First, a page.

The State of Marijuana: Texas marijuana Laws after the 85th Legislative Session

2017 Held a lot of promise for marijuana reform. Texans across the state and political spectrum flooded legislator’s offices and phones with a clear and concise message, “We want marijuana law reform now.” Unfortunately, as the session ended, it became clear that the Texas legislature was deaf to the voice of the Texas people.


The Groundwork

The push for marijuana law reform during the 85th Texas Legislative session began back in 2016, when advocacy groups focused on laying the political groundwork for marijuana law reform. Advocacy groups worked hard to amend the Texas Republican Party platform[1] to call for a complete overhaul of the Texas Compassionate use act of 2015, Texas’s anemic medical marijuana program. Advocates also hit the streets supporting and donating to pro marijuana reform candidates during the 2016 election cycle. As 2016 ended, the groundwork for real reform had been laid, and advocates across the state were optimistically looking forward to the 2017 legislative cycle.

Historic Momentum, and Partisan Stonewalling

However, as the 85th Texas Legislative session began, it became clear that marijuana law reform, even with its massive support from the Texas people, was not a priority for the Texas House Leadership. Lt. Governor Dan Patrick (R – Texas) prioritized hyper partisan legislation in the Texas Senate, effective killing the marijuana reform bills put forward by Democratic Senators who did not support his push for even further tort reform, bathroom bills, sanctuary city bans, and further unconstitutional abortion restrictions.

With the Senate bills effectively dead on arrival, it fell to the House to pass marijuana law reform. Unfortunately, the House leadership also stonewalled the marijuana law reform in their chamber. While Representative Joe Moody’s civil penalties bill (D – El Paso); a bill that would have effectively decriminalized minor marijuana possession, showed broad bipartisan support in the Texas Criminal Jurisprudence committee and was passed very early on the session, The House Calendars committee ultimately killed the bill by failing to ever schedule the bill for a vote until the last possible day[2]. The civil penalties bill ultimately died before it could ever be heard on the floor of the house, as Democrats ran out the clock to block unconstitutional anti-abortion bills that had been scheduled to be heard before the civil penalties bill.[3]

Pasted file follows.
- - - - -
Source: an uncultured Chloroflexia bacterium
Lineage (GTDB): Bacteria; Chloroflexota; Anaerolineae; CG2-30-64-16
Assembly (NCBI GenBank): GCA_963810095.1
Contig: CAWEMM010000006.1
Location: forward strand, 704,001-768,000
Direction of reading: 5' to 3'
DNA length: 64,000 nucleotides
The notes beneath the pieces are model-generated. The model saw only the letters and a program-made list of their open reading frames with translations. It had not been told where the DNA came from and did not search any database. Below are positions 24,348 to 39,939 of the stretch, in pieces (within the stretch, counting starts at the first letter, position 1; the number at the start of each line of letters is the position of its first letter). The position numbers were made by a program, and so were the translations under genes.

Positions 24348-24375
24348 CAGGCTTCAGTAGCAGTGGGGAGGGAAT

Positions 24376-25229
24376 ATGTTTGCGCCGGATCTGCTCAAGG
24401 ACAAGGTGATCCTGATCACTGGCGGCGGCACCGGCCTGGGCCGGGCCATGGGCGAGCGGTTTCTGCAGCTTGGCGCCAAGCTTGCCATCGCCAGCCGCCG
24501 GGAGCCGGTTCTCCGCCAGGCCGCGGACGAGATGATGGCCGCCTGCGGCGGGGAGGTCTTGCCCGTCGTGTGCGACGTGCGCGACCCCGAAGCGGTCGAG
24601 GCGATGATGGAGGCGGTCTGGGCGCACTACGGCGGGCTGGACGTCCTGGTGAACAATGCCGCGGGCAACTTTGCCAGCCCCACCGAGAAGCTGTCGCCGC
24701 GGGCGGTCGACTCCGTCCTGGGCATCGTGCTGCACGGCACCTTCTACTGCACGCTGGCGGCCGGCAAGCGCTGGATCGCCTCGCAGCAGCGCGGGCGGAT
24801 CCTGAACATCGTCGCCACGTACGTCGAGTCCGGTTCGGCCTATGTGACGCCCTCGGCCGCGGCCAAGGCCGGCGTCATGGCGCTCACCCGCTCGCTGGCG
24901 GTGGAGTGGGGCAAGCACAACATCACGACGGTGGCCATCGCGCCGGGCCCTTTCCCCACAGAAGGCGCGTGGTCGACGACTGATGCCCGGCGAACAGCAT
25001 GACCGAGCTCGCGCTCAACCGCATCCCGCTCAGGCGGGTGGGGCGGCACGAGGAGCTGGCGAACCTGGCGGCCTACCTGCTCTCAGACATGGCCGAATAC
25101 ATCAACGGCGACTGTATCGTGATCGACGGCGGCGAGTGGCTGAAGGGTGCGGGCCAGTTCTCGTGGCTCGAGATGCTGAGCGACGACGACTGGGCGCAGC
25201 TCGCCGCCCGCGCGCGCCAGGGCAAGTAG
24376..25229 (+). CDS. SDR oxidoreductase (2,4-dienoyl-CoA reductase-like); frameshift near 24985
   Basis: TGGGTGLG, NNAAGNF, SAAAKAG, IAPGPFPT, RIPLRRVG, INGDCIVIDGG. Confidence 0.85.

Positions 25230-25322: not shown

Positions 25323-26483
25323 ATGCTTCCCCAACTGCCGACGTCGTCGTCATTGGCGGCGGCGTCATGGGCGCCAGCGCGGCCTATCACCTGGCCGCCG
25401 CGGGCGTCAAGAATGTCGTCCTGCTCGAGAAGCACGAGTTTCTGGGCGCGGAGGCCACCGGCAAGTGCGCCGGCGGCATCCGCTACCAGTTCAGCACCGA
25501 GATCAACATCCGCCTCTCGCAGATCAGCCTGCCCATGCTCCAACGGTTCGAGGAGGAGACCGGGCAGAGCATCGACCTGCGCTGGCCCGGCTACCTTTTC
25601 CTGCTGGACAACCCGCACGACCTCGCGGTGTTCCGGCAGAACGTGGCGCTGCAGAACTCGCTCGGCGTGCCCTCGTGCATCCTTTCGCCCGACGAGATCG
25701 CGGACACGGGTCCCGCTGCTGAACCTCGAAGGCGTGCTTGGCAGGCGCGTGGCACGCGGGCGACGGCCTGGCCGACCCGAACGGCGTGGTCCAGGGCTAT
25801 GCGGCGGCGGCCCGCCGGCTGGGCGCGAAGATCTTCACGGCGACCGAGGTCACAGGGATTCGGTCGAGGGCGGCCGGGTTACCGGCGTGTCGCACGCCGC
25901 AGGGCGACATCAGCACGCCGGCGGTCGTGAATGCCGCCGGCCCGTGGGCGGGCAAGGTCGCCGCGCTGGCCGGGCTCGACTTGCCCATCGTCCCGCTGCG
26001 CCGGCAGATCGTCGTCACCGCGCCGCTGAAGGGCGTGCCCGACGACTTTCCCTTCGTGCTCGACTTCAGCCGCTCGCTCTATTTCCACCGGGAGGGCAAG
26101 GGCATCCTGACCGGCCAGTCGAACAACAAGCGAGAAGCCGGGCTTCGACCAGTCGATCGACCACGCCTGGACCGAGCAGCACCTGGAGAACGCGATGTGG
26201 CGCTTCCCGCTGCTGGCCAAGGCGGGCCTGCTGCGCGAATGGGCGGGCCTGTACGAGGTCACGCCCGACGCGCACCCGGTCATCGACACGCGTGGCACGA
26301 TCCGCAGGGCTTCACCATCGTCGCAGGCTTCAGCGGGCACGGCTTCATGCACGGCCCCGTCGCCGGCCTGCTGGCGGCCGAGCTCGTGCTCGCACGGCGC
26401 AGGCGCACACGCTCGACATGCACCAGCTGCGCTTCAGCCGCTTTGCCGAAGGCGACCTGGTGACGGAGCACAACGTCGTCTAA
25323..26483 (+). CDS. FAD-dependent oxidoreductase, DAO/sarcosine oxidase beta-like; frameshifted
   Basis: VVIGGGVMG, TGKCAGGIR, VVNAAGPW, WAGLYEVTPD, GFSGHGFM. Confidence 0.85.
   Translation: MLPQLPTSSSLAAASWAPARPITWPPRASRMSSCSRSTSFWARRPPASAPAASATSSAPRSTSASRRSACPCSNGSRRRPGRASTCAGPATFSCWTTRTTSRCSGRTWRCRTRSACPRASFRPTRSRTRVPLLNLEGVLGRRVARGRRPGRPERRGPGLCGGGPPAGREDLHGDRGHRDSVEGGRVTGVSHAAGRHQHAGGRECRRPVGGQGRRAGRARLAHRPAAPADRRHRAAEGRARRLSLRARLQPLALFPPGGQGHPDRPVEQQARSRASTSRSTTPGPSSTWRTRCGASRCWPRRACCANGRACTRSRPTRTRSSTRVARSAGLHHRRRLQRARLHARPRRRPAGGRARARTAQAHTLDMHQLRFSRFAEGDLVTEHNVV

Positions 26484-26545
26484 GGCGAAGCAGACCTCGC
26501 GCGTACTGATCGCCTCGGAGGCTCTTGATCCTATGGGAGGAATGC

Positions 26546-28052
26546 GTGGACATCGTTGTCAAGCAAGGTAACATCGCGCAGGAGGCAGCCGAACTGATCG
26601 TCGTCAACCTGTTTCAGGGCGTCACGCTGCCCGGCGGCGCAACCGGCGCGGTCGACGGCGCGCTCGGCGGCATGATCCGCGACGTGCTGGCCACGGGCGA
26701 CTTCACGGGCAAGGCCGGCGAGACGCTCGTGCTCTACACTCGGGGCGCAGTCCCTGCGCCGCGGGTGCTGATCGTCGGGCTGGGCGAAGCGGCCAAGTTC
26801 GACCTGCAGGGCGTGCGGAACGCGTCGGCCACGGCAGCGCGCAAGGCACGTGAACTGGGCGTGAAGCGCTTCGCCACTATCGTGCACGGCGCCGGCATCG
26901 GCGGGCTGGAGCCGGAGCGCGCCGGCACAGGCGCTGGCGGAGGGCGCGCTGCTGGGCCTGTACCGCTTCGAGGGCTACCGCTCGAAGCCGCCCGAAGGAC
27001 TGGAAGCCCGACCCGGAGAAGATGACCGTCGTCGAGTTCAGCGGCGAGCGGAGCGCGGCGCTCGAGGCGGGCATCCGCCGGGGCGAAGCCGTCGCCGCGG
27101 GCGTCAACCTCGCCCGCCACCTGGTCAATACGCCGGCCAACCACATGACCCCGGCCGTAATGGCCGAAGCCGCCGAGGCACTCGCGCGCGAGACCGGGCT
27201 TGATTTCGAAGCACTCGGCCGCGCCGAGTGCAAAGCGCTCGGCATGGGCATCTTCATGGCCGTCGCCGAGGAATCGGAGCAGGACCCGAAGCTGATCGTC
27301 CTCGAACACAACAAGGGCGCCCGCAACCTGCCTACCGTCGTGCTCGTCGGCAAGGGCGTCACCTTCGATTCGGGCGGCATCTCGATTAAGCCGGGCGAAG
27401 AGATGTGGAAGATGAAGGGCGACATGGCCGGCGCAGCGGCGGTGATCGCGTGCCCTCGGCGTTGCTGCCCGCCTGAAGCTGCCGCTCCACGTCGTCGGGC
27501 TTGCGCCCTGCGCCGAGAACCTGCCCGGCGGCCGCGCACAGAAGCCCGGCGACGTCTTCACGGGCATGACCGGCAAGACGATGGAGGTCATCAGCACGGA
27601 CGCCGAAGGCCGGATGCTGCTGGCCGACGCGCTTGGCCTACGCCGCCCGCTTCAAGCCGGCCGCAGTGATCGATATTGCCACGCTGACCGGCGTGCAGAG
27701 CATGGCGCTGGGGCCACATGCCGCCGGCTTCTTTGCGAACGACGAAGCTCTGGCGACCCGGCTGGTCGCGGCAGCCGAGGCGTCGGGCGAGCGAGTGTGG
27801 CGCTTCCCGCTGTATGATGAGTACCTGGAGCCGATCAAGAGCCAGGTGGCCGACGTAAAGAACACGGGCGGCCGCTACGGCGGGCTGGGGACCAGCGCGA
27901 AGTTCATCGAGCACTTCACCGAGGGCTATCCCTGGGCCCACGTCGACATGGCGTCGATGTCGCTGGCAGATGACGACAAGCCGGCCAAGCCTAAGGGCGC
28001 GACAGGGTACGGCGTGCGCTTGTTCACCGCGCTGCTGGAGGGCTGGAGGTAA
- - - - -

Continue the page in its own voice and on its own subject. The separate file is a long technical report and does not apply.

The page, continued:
The push for medical marijuana reform met a similar fate. Representative Four Price (R – District 87)[4] chairmen of the House Public Health committee failed to schedule the medical marijuana bill until the last two weeks of the session. This late hearing put the medical bill in a bad position with little time to be voted on in the Calendar committee to put the bill on the floor for a vote. Further, and perhaps most galling was what happened once the bill was finally voted on and passed on to the Calendars committee.  Once the medical marijuana bill was passed by the Public Health committee, 78 House representatives[5] signed onto the bill, effectively meaning the bill was guaranteed to pass if it made it to the House floor for a vote. However, on the last possible day, the Public Health Committee sent the Medical Marijuana Bill to the calendars committee, were the bill died as the deadline passed before the paperwork could be received[6].

The Texas Legislature’s Failure

With both reform bills dead before a vote, Texans will have to wait another year and a half before they have another chance to see real marijuana law reform come to the state. No reform has come to Texas, and no further legislative reform will happen until at least 2019. While some marijuana law reform has happened in certain Texas cities such as Houston, Dallas[7], Austin, and Round Rock[8], no state-wide reform has come to the state. Marijuana is still illegal, and Texans will still face some of the harshest penalties in the Nation for possession. Further, Texas’s Medical Marijuana program will fail to legally function meaning that even the small of number of Texan’s who should have had access to medical marijuana will be denied the lifesaving medicine their legislators promised to provide them. The Texas Legislature, and Texas Lt Governor have failed the Texan people by prioritizing hyper partisan legislation and political infighting over common sense reform.

Hopefully Texans will wake up to the reality that those politicians responsible for killing these vital reforms will only stop once they are voted out of office. Unfortunately, Texas is a Red State that values party loyalty over the actual substance of what politicians accomplish, thus it is unlikely that Texas will see any real marijuana law reform until the Republican leadership in the Senate, and the Lt. Governor position are changed. Until then, legal representation is till necessary to fight the gross injustice that is marijuana prohibition.

Written by Hunter White

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